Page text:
You can’t listen to hardcore punk rock. Ok you can, but you’d be missing out. You need to watch hardcore punk, in the flesh, in a poorly lit LA club and be right in the middle of the sweaty mosh pit close enough to spit on the lead singer and for him or her to spit right back. You need Keith Morris to scream “I Just Want Some Skank” in one ear and Greg Hetson’s screaming electric guitar in the other and you need to pogo dance like there’s no tomorrow. It needs to be the 80s and you need to be pissed off. Reagan, your parents, new wave, they all suck. This is the only thing that’s happening, man.
But it’s not the 80s anymore, so you’re shit out of luck.
However, all is not lost: Penelope Spheeris directed a trilogy of films capturing the changing LA music scene throughout the 80s and 90s, just for you.
The first film is called “The Decline Of Western Civilization” (1981) and it covers the LA hardcore punk rock scene in 1979-80. The second film is “The Decline Of Western Civilization II: The Metal Years” (1988) and it covers LA hair metal and includes one of the most cringeworthy interviews ever. “The Decline Of Western Civilization III” (1998) covers LA’s homeless gutter punks.
The first “Decline” is the best one of the three that I’ve seen. I know because it’s the only one I’ve seen (I’m working on it). I also know because the first “Decline” nearly moved me to tears. This film is at times exhilarating and often moving. It’s a film that reminds you of the transcending power of music, both for the audience and for the artists themselves, but it’s also a reminder of its limitations. If nothing else, it’s a worthy tribute to an influential once in a lifetime music scene.
If you’ve read Michael Azerrad’s “Our Band Could Be Your Life” (and if you haven’t then why not?) this movie is about the very beginnings of Azerrad’s indie underground. This is pre-Henry Rollins Black Flag when Ron Reyes was screaming and kicking through “Depression” and “Revenge”. X had just released their seminal Los Angeles album, proving to all the kids that you could actually play your instruments and get just as rowdy and vicious as hardcore could get. Or you could wait around for Circle Jerks to throw their guitars into their amps and create wonderful loud noises. Darby Crash was still alive, though at this point he could only grunt or aimlessly yell his way through “Manimal” (Crash killed himself right before this film’s release by an intentional heroin overdose, which turned the 22-year-old into a sort of martyr of the hardcore scene).
The bands featured in the film are Black Flag, Germs, Circle Jerks, Catholic Discipline, Alice Bag Band, X, and Fear. Of those bands, Spheeris interviews Black Flag, Germs, Catholic Discipline, and X. Everyone plays 2-4 songs at various LA hardcore clubs. No band sounds the same, yet they all share the same stage and play to the same crowd.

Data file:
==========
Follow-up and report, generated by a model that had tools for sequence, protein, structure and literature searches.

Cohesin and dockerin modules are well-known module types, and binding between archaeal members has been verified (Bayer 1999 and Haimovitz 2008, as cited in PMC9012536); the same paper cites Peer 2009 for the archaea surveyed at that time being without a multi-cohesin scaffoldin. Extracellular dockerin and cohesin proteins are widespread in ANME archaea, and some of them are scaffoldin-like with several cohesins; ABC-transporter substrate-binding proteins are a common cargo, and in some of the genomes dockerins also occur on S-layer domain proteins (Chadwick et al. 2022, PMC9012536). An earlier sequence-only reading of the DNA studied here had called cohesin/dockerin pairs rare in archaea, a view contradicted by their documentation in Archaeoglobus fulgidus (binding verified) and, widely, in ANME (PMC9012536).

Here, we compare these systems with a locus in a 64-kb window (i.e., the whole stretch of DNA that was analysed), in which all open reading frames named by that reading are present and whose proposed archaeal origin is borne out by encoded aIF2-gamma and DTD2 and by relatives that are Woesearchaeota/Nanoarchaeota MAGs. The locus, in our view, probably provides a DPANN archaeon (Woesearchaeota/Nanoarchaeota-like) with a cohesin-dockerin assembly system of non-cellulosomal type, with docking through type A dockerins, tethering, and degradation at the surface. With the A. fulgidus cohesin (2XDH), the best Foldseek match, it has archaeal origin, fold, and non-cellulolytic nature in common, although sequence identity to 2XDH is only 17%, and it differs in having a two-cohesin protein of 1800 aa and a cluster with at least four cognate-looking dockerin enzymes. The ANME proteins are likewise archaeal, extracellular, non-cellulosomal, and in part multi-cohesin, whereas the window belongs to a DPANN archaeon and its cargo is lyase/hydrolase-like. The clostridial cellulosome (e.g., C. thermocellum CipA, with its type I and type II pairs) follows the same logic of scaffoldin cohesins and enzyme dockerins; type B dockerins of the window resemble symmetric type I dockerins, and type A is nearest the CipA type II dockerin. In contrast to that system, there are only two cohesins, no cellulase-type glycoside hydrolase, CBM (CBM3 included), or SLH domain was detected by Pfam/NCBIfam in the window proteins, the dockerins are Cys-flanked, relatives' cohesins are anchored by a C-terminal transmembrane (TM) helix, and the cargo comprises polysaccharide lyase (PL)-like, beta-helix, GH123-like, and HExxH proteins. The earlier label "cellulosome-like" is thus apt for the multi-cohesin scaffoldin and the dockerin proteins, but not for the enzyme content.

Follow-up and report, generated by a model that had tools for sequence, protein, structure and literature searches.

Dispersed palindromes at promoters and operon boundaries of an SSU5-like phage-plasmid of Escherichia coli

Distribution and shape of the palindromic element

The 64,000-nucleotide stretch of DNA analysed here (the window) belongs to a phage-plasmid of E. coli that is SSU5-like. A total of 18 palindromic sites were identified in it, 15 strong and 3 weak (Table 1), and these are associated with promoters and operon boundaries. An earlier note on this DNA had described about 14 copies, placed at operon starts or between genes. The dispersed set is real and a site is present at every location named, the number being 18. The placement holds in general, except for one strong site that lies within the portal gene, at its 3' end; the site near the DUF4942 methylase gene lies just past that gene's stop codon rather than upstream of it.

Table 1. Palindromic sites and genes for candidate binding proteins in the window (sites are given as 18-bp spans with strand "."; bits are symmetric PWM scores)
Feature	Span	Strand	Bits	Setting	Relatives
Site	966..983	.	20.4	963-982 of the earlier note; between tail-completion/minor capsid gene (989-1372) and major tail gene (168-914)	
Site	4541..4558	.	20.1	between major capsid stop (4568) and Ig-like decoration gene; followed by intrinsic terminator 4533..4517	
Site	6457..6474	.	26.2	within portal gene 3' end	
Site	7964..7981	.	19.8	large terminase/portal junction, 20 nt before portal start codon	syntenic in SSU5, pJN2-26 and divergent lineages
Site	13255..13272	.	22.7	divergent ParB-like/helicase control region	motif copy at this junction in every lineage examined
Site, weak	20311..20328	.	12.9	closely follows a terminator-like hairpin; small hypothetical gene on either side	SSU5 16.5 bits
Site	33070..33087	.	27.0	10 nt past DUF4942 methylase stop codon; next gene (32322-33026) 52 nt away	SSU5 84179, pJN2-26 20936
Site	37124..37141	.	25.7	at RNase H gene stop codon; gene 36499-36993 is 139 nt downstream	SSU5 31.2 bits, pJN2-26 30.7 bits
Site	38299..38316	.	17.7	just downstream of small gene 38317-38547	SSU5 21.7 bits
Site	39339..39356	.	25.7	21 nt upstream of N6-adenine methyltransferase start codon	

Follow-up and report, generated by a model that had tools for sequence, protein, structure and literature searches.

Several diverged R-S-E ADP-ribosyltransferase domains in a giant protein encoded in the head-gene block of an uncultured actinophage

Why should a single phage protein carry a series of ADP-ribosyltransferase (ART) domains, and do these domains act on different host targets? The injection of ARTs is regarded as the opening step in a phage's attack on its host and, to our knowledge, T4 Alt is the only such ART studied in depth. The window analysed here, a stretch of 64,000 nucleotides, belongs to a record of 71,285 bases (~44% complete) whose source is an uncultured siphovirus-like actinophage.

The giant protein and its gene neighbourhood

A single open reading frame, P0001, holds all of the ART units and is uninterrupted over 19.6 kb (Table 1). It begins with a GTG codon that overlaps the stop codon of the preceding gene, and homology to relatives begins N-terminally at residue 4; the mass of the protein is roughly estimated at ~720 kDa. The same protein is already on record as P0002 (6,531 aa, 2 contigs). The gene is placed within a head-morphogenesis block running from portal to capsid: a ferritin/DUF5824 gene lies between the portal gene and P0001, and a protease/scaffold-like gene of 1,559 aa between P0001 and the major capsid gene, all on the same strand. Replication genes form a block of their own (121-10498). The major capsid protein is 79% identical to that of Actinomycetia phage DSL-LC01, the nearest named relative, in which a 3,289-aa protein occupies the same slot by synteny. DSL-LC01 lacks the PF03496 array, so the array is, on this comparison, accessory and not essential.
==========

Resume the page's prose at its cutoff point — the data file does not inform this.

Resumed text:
Much of “Decline”‘s success as a movie comes from the the way that it’s shot. During the shows there are a few cameras placed literally in the middle of the crowd and some at the side of the stage. During interviews you never see Spheeris – you only see the bands. Both the live performances an the interviews are so intimate that you feel like you’re intruding on a scene that you’re not allowed in.
Penelope Spheeris has had quite the career: her “Decline” films are underground classics, yet you probably know her as the director of Wayne’s World. A most excellent movie indeed, but it’s strange that while she poked fun at the rock n roll world via Wayne and Garth, she actually documented the real thing for over a decade. This is not to discredit her other films (she also directed “The Beverly Hillbillies”, “The Little Rascals”, and “Black Sheep”), but “Decline” is her most essential. It was also the most controversial; according to Slate, the film only made it to two theater screenings before the LA Police Chief banned the film form being shown in the city.
If “Decline” means anything new in 2015, it’s now a document of a pre-Internet music scene. With no social media to promote your album, you had to actually go to the shows and partake instead of swaying while texting on your phone. Nostalgia is a killer, but there’s something to be said about a music scene in which you actually had to be there.
But “Decline” doesn’t have to be anything more than what it already is, which is a well-edited documentation of two years of some of the most influential and polarizing music of rock & roll.
This summer the “Decline” films were rereleased in Blu-ray and DVD boxed sets. Do yourself a favor and watch these films.